I am home from Origins Game Fair. It was a good time, if exhausting. I had multiple business meetings that were awesome for things in the future. I got to see people I don’t usually get to. I love that. However, the thing that stood out to me were the fan reactions to meeting me. More than any other convention, Origins is where people seek me out to tell me what my writing means to them.
The first was a young man and his girlfriend. The guy couldn’t talk. He stood in front of my table saying, “I… I… I…” His girlfriend poked him and grinned. I said hello and asked how he was doing. He said, “Excuse me. I’m kinda fanboying over here. Wow.” I assumed he’d gone to talk to Tim Zahn or Mike Stackpole. I told him that there were lots of awesome people to fanboy over and asked who he was excited for. He grins and bursts out, “I love your writing. I love DocWagon 19. You write some of the most amazing Shadowrun I’ve ever read.” I was pleased and surprised. We talked more and he was so enthusiastic about what I’ve done and looked forward to everything else I had coming out. He even talked about The Nellus Academy Incident, and asked when it would be out in physical form. It was a wonderful feeling.
The second one was a young woman who walked up to my table, clutching the World of Shadows Shadowrun anthology. She looked at me and said, “Best day ever.” We talked as I signed her book. Then she told me, quite seriously, that my Shadowrun stories saved her life. That she had a medical condition that caused memory loss and her brain to shut down. She needed to do something to keep her brain stimulated. She dove into Shadowrun reading and it was what saved her. The fact that she could remember my stories, that I wrote them, and details about them meant the world to me. It wasn’t just my stories, it was all of the Shadowrun stories, but she wanted me to know that my writing saved her life and she couldn’t wait for my next stuff. I almost cried. We talked more. She showed me her Shadowrun tattoo. I made sure she met some of the other Shadowrun writers.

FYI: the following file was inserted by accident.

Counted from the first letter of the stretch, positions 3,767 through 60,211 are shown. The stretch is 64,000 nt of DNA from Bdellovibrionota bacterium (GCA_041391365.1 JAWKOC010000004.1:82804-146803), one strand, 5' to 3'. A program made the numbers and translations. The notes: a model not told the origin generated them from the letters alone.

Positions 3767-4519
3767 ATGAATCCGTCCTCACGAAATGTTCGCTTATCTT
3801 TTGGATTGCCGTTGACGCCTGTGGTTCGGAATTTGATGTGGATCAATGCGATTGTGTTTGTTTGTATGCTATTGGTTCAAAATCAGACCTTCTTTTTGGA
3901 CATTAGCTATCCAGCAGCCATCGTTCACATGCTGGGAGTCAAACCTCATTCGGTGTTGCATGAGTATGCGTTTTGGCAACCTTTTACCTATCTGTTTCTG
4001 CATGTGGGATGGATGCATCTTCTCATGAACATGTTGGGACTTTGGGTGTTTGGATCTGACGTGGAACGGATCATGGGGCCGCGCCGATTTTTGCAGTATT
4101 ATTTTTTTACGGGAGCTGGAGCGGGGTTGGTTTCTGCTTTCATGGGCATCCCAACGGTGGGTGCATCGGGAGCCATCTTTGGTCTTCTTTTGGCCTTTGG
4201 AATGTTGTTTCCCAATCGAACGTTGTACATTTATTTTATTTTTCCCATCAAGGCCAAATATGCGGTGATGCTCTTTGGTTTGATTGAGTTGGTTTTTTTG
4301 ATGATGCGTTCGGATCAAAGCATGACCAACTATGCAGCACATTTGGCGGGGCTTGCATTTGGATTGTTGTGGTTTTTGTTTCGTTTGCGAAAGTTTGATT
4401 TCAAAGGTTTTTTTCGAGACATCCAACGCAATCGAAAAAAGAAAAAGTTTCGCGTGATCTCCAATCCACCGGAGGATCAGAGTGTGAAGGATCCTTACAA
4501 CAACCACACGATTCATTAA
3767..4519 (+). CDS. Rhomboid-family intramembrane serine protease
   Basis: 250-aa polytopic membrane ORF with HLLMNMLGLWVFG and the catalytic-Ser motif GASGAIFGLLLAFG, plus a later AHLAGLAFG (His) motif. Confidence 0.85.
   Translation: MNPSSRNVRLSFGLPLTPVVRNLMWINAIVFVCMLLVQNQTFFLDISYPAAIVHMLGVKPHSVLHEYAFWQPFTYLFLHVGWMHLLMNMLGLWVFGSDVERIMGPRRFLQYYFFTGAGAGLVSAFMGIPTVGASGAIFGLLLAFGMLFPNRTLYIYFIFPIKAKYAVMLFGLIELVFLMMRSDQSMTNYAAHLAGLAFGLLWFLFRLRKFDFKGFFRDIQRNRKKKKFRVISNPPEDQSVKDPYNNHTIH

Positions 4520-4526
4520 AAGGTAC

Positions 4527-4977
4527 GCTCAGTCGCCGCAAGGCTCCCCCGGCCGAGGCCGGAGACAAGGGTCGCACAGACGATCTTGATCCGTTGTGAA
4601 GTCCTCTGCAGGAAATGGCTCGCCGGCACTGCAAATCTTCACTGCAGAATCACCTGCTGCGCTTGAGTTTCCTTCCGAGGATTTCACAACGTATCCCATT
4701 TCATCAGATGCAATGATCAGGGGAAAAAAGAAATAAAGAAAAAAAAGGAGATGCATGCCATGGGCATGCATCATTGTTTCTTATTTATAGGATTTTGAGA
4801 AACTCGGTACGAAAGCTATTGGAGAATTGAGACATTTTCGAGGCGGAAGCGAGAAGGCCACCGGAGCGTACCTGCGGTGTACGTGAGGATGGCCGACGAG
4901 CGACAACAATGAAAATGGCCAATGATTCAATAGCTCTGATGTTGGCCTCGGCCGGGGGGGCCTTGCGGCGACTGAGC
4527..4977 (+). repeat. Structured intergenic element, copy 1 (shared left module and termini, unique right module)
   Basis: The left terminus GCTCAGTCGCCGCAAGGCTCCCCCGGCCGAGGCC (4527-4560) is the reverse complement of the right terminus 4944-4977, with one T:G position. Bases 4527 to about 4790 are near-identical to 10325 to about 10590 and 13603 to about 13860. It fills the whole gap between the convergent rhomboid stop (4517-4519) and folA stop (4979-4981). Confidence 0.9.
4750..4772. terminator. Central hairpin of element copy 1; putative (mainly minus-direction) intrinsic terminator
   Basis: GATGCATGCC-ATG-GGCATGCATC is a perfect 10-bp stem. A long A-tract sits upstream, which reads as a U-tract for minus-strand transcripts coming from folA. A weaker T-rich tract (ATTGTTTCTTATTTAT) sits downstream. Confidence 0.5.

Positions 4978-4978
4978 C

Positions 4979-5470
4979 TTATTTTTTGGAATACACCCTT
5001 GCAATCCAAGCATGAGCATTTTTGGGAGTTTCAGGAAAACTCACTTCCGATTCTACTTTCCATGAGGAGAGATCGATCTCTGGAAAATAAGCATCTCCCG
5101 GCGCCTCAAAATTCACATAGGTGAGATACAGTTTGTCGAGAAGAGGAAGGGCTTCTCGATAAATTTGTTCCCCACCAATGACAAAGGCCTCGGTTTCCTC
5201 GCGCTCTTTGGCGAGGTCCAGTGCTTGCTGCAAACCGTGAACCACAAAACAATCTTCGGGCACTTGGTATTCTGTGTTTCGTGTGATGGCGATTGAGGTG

These two moments were highlights among several—including someone telling me they got their dream job of writing for an RPG company because of Industry Talk and my advice—that illustrate why I write. It’s more than the fact that I have stories to tell. It’s the fact that these stories mean something to those who read them. They touch people in ways I can’t imagine. That is worth everything in the world.